Hawknc wrote:It's not a moral judgement, it's a statement of fact. The only thing we don't know for sure there is if they're primarily attracted to prepubescents, or whether they just took advantage of a young girl.
There are all sorts of bizarre and convoluted scenarios one could envision that would cause them to fall outside of these two possibilities. Such scenarios just happen to be extremely unlikely.
Hawknc wrote:Wow. I just don't get this topic. A girl gets raped at 7 years of age, which completely skews her sexual development, but it's okay that ten guys took advantage of that to have sex with her at age 10, despite no evidence that she was even aware of the potential consequences of sex? I don't even know what the arguments here are trying to achieve.
I believe that in the typical manner of a group of nerds, we're ignoring the actual case in order to discuss whether the laws and feelings involved are reasonable at all times or whether there are peculiar cases where they would result in unjust decisions. For example, if she were actually a quickly-developing humanoid alien, would age of consent still apply? I think that most in the discussion agree that what happened was quite wrong. The only argument I could see that would apply to the particular situation is that this behaviour might somehow be part of the culture and therefore singling these men out for what is a more general problem might be unfair, but even that is dubious and probably irrelevant anyway.
Belial wrote:We don't let children make decisions that will hurt them for the rest of their lives because we don't believe they should have to suffer the rest of their lives for a decision they made in an impaired state. And being undeveloped both neurologically and psychologically is an impaired state.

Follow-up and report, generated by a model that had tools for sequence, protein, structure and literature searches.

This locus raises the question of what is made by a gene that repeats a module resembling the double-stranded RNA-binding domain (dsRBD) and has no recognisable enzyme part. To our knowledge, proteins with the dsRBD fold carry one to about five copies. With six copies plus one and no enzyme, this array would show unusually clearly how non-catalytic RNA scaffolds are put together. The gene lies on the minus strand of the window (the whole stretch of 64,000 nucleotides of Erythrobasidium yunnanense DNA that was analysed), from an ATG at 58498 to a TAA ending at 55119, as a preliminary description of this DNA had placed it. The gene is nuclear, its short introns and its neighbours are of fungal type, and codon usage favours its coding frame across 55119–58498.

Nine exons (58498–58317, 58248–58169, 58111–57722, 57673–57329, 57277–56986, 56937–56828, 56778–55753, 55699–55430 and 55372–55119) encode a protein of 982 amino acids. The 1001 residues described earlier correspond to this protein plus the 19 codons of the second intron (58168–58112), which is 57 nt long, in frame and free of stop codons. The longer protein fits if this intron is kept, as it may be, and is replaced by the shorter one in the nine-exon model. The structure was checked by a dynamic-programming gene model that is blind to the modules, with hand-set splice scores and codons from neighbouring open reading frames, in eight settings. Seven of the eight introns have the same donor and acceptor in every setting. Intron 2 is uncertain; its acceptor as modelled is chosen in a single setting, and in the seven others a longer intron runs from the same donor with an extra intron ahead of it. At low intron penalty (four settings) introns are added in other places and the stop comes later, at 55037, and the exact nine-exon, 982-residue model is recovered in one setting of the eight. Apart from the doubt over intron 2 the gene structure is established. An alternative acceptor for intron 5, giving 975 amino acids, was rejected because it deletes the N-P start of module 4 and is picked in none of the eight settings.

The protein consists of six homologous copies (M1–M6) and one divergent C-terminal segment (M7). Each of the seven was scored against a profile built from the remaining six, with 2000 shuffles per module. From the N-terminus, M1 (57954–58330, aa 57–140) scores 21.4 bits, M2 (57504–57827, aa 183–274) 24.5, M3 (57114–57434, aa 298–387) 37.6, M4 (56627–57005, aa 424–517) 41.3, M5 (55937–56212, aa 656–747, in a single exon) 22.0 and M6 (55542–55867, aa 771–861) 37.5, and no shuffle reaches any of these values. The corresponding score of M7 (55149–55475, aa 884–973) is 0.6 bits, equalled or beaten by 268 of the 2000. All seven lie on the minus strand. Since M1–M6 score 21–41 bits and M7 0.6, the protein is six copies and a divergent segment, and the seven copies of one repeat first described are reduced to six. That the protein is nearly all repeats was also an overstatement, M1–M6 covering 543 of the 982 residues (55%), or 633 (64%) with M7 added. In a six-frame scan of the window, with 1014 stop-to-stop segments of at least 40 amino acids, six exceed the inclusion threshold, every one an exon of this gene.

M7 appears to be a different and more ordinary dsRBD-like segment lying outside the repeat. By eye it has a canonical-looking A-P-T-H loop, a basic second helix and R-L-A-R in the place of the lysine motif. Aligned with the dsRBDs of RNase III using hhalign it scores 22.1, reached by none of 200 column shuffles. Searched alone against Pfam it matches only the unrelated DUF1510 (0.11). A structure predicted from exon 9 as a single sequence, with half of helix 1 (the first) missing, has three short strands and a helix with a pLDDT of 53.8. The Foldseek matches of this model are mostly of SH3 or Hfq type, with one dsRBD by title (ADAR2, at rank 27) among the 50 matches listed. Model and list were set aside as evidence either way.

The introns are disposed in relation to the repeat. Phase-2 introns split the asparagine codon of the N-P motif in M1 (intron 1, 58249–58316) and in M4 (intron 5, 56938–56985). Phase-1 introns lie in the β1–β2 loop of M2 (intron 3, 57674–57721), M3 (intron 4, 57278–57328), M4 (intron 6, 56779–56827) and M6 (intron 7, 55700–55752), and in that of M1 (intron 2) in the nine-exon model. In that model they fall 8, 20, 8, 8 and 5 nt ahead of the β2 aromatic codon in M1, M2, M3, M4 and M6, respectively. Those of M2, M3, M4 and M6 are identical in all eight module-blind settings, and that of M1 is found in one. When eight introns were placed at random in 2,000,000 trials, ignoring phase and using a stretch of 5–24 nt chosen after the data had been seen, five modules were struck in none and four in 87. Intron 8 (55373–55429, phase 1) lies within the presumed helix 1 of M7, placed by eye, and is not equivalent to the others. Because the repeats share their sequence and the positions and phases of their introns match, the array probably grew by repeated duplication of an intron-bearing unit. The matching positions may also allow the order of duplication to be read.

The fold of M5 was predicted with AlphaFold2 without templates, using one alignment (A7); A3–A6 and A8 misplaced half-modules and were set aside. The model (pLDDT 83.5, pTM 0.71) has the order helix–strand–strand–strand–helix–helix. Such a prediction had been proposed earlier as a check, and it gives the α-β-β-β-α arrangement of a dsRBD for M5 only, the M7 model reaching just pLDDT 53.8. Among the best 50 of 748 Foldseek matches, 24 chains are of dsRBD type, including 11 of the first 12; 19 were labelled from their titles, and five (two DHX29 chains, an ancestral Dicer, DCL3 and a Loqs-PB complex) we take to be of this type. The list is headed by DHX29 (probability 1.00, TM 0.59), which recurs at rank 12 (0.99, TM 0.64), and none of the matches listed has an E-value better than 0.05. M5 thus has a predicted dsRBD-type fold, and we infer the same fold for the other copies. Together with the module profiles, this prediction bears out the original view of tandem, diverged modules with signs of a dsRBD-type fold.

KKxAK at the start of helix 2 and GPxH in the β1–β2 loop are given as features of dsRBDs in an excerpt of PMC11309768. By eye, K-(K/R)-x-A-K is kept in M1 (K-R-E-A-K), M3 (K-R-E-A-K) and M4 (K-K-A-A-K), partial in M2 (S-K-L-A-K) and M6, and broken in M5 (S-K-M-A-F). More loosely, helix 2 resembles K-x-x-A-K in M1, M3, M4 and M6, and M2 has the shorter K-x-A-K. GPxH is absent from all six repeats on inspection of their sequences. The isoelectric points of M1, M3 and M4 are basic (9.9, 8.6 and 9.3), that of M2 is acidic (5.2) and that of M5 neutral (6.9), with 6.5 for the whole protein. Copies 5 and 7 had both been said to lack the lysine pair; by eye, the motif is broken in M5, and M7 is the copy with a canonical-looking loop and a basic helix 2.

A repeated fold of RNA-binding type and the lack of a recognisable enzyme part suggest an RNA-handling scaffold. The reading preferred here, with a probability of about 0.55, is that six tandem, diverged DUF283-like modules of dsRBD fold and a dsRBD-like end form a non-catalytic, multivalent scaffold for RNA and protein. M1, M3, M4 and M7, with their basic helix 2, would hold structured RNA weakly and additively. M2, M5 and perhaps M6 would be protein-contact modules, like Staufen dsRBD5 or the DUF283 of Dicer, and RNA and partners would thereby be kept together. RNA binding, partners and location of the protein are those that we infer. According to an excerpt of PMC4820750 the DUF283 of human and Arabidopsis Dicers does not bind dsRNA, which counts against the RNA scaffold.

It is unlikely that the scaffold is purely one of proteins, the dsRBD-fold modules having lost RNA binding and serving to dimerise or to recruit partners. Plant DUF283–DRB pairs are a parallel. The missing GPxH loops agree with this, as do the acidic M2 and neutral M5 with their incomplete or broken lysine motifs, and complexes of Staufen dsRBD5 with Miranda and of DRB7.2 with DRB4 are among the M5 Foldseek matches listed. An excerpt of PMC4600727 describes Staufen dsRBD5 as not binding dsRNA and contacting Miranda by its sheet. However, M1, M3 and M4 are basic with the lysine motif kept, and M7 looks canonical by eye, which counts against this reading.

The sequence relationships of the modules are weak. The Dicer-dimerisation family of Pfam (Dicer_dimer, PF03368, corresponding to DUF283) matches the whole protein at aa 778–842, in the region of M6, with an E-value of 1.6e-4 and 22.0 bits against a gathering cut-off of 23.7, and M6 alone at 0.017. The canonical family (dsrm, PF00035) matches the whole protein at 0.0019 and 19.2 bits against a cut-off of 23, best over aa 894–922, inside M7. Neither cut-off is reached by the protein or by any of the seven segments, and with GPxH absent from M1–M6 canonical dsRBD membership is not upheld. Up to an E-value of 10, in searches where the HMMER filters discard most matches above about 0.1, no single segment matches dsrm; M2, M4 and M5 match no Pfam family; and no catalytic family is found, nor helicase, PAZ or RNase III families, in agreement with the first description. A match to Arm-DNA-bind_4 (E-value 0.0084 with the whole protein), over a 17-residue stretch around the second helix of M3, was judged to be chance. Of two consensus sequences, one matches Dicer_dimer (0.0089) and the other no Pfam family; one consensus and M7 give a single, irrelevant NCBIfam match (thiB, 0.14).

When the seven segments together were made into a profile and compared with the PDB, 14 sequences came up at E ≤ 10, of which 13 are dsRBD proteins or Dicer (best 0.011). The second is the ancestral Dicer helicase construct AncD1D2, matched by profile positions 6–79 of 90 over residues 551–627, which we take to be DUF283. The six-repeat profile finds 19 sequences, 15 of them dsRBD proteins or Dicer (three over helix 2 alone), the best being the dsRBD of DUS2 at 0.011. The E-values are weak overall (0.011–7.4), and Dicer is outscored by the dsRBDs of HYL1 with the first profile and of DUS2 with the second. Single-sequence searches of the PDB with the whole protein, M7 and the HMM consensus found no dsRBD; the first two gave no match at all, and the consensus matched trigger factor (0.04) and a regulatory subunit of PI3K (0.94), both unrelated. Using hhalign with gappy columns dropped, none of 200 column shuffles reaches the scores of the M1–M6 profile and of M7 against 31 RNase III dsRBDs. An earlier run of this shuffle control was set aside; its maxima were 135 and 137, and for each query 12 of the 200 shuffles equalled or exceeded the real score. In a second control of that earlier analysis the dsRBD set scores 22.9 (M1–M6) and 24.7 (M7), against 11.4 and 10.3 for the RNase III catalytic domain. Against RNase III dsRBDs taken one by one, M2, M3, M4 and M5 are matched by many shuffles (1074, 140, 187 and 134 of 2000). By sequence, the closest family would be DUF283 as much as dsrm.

Certainly, in many cases, what you say might be true. But you, like society and the law, leave no room for exceptions, and exceptions do exist, though they tend to be extremely rare. It should also be said that you don't go far enough in other statements: in most cases, we hardly let children make any decisions at all, even beneficial ones.
GhostWolfe wrote:Do you remember being 10?
I can't speak for all of you, because frankly, I think I was a late bloomer, but it was only in the last few years that I developed an actual awareness of the world beyond my own head. It wasn't until very recently that I realised that when I was ten: I had no idea what grown ups did all day long, I thought the food at McDonalds magically appeared on the trays, when I was ten I didn't even realise there was staff serving the counters.
At the age of ten, I was not in anyway fully capable of making decisions about my own body.
I understand what people have been saying about the so-called arbitrarity of the "age of consent", and you keep presenting these arguments suggesting that some children mature - mentally and/or physically - earlier than the age of consent. No one is going to dispute that some of them do, but the point of age of consent is to protect the majority that didn't mature that quickly.
I think I had a reasonable understanding of things when I was ten. Perhaps I was more idealistic, and thus thought communism could be workable even though it had failed in the past, and also that, at a children's video competition in Indiana, a video primarily about the socioeconomic factors that affect international borders would be well received, but these don't really mean that I didn't have an actual awareness of the world or capability to make responsible decisions. In fact, I would say that I cared far more about issues in the outside world then than I do now, and probably, in general, made better decisions. Unfortunately, quite a bit of my time was spent trying to fight against the protection you endorse.
As you say the point is to protect the majority, but making statements and laws that are too strict make life much harder than necessary for the small minority. For example, in this case, if the ten year old had organized the defence and come up with the legal arguments used, I might be inclined to raise my opinion of the men, though coming up out of an nearly endless abyss is difficult. I might also think more highly of them if it became clear that she had intentionally and maliciously caused them to perform the acts, perhaps through drugging, in order to ruin their lives for some reason. However, I highly doubt that any such of these took place, and thus it really seems that the light punishment is very unfortunate.